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Micron Will Receive $6.1 Billion to Build Semiconductor Plants

TechMicron Will Receive $6.1 Billion to Build Semiconductor Plants

The Biden administration will give Micron up to $6.1 billion in grants to help build its semiconductor plants in New York and Idaho, the latest multibillion dollar award aimed at ramping up the nation’s production of vital semiconductors.

Senator Chuck Schumer, Democrat of New York and the majority leader, announced the grant on Thursday and said the “monumental” investment would help the company construct two new chip manufacturing plants in New York by the end of the decade, along with another plant under construction in Idaho.

More than a year ago, Micron announced plans to expand its manufacturing footprint in the United States. In September 2022, the company said it would build a $15 billion factory in its hometown, Boise, Idaho, the first new U.S. memory chip plant in 20 years. A month later, Micron said it would build a giant manufacturing complex near Syracuse, N.Y., pledging to start with a $20 billion project by the end of the decade and spending as much as $100 billion over the next two decades or more. The complex could eventually include up to four new manufacturing plants.

A senior Biden administration official confirmed the award and said it would help create thousands of jobs. Company officials have said the investment is expected to create roughly 50,000 jobs, including about 9,000 direct positions at its plants.

The announcement is the latest award from federal officials to chipmakers in recent weeks. The funding stems from the CHIPS Act, which a bipartisan group of lawmakers passed in 2022 to re-establish the United States as leader in the production of semiconductors, the foundational components that power everything from phones and supercomputers to cars and weapons systems. Equipped with $39 billion, the Commerce Department has distributed several grants to chip manufacturers as an incentive for them to build and expand facilities in the United States.

The initiative is intended to strengthen the domestic supply of semiconductors. Although semiconductors were invented in America, manufacturing has largely shifted overseas. Only about 10 percent of the world’s semiconductors are currently made in the United States.

Micron’s award brings the total announced grants to more than $29 billion. On Monday, U.S. officials awarded Samsung up to $6.4 billion in grants. Other big chipmakers — including Taiwan Semiconductor Manufacturing Company and Intel — have also received awards recently. GlobalFoundries, Microchip Technology and BAE Systems received the first three awards.

Mr. Schumer, who helped rally Congress to pass the CHIPS Act, said Micron’s award would help make sure that “America was no longer dependent on other countries for all kinds of vital chips.” He said he had long pushed for Micron to receive a share of the federal grants.

“I always lobby heavily for New York to gain advantage and talked to the administration on many occasions about how Micron was important to the country as a whole,” Mr. Schumer said in an interview. “But frankly, my advocacy for chips extends to the whole country.”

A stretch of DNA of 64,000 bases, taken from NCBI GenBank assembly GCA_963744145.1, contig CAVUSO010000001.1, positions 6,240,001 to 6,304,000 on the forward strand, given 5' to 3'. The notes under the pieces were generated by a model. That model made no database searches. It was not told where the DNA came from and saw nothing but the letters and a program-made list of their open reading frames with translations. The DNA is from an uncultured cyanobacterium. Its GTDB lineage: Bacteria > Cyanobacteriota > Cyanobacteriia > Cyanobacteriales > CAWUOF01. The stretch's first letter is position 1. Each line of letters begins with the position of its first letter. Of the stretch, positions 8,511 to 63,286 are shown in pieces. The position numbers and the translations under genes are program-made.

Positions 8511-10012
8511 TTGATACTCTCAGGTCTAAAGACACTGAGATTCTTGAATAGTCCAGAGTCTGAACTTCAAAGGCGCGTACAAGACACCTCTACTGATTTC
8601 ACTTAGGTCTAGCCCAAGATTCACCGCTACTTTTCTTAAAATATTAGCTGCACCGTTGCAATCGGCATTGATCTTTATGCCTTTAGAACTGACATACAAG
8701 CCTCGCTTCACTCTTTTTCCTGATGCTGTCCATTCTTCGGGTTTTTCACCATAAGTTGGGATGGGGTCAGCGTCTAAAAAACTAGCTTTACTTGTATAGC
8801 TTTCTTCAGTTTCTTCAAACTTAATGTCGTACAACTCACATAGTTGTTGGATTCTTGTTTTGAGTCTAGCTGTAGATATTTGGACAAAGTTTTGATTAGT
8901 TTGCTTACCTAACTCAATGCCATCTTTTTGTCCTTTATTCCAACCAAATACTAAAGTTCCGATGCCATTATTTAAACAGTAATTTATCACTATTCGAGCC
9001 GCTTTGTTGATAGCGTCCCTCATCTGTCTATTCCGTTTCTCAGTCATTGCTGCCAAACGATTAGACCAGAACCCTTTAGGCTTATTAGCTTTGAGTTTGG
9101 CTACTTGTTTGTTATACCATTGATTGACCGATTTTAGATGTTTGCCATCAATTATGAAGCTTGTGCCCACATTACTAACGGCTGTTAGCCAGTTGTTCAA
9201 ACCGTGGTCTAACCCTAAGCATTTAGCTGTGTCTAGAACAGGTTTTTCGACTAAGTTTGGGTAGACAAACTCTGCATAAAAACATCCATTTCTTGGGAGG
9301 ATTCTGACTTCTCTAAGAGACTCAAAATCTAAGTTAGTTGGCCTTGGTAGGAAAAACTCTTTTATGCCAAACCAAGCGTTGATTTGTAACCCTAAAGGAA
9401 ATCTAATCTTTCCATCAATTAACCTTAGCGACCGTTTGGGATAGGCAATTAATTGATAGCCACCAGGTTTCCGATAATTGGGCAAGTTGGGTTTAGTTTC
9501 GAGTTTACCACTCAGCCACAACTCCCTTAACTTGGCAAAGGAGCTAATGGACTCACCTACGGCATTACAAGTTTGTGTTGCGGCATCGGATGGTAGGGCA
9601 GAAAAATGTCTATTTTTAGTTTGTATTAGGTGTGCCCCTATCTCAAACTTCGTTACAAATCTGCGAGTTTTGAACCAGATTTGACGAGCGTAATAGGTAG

Mr. Schumer said the award would help bolster the nation’s production of critical memory chips, which the country is becoming “more and more dependent on.”

Micron declined to comment, citing confidentiality requirements associated with CHIPS Act grants.

Based in Boise, Micron is the last U.S. supplier of chips called dynamic random access memories, or DRAMs. The components play a vital role in computers and smartphones, acting like a scratchpad to temporarily store data that must be retrieved frequently. Micron also has a major sideline in flash memory, a newer variety of chips that store data more permanently.

The DRAM business was a major global battleground in the 1980s and the 1990s, as companies from Japan and later South Korea used manufacturing muscle to drive down prices and squeeze competitors. Much larger U.S. companies, like Intel and Texas Instruments, left the business.

Micron, a much smaller company, managed to hang on as the industry consolidated to just three major players. The South Korean companies Samsung and SK Hynix rank first and second place in memory revenues, respectively. The reduced competition has helped moderate the industry’s business cycles somewhat, though all three companies last year suffered from severe pricing pressure.

DRAM and flash memory are mainstays of the computers found in data centers, as new applications require greater amounts of data and faster access to it. In the newest wrinkle, makers of specialty chips for artificial intelligence like Nvidia rely on a technology called high-bandwidth memory, which bundles multiple stacks of DRAM chips in packages along with processors that carry out calculations.

Micron, though largely managed through offices in San Jose, Calif., conducts most of its manufacturing in Taiwan, Japan and Singapore. Sanjay Mehrotra, the chief executive, has spearheaded an effort to sharply boost its U.S. production footprint and win government subsidies for that expansion.

But Mr. Mehrotra has reiterated that the timing of such spending would closely track supply and demand conditions in the memory market, and also reflect the company’s success in winning U.S. grants.

Micron is also expected to claim federal tax credits that could cover 25 percent of the cost of building and outfitting factories with production equipment, Mr. Schumer said.

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